Please use this identifier to cite or link to this item:
Title: The Politics of Punishment in Colonial Mauritius, 1766-1887
Authors: Anderson, Clare
First Published: 1-Dec-2008
Publisher: Berg Publishers
Citation: Cultural and Social History, 2008, 5 (4), pp. 411-422
Abstract: The history of imprisonment in British colonial Mauritius is intertwined with its political economy, most especially the relationship between metropolitan government and plantation owners. Whether labour was predominantly enslaved, apprenticed or indentured, incarceration was part of a broader process through which the regulation of the colonial workforce was taken from the private to the public sphere and became associated with economic development. Nevertheless, prisoners both challenged and used prison regimes as vehicles for the improvement of their lives. Mauritian jails were intensely political arenas in which the changing nature of colonial relations and the regulation of labour was both expressed and contested.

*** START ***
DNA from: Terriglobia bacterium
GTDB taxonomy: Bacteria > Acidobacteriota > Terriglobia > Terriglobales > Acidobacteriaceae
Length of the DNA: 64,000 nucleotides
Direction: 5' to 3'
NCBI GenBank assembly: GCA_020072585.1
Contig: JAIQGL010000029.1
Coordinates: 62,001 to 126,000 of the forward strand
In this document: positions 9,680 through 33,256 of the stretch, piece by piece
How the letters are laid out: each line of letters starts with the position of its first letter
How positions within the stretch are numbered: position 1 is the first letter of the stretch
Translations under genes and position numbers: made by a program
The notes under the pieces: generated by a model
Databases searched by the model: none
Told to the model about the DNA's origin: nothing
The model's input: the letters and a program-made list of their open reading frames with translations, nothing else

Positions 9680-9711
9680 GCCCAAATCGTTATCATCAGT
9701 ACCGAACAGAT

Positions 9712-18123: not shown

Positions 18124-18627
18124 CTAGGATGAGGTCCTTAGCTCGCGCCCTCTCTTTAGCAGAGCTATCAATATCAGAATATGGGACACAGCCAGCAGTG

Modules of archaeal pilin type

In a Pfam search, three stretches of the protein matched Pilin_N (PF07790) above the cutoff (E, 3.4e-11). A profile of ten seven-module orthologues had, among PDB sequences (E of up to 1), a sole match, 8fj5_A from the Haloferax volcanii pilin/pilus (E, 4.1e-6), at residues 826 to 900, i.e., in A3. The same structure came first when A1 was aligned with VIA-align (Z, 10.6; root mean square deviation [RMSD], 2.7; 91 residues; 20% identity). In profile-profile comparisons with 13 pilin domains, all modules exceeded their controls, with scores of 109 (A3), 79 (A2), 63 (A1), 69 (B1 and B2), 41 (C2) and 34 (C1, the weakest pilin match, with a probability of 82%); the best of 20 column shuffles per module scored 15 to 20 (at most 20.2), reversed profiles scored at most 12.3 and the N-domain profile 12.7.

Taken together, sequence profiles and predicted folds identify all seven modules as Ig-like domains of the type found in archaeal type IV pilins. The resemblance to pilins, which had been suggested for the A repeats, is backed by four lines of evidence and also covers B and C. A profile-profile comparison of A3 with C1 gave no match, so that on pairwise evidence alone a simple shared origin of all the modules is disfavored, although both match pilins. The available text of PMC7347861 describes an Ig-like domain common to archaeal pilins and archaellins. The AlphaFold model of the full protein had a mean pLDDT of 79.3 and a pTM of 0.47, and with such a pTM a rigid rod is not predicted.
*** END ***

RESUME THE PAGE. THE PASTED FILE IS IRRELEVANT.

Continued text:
DOI Link: 10.2752/147800408X341622
ISSN: 1478-0038
eISSN: 1478-0046
Version: Post-print
Status: Peer-reviewed
Type: Article
Rights: © 2008, Berg Publishers. Archived with permission of the publisher.
Appears in Collections:Published Articles, School of Historical Studies

Files in This Item:
File Description SizeFormat 
[09] Anderson.pdf233.07 kBAdobe PDFView/Open

Items in LRA are protected by copyright, with all rights reserved, unless otherwise indicated.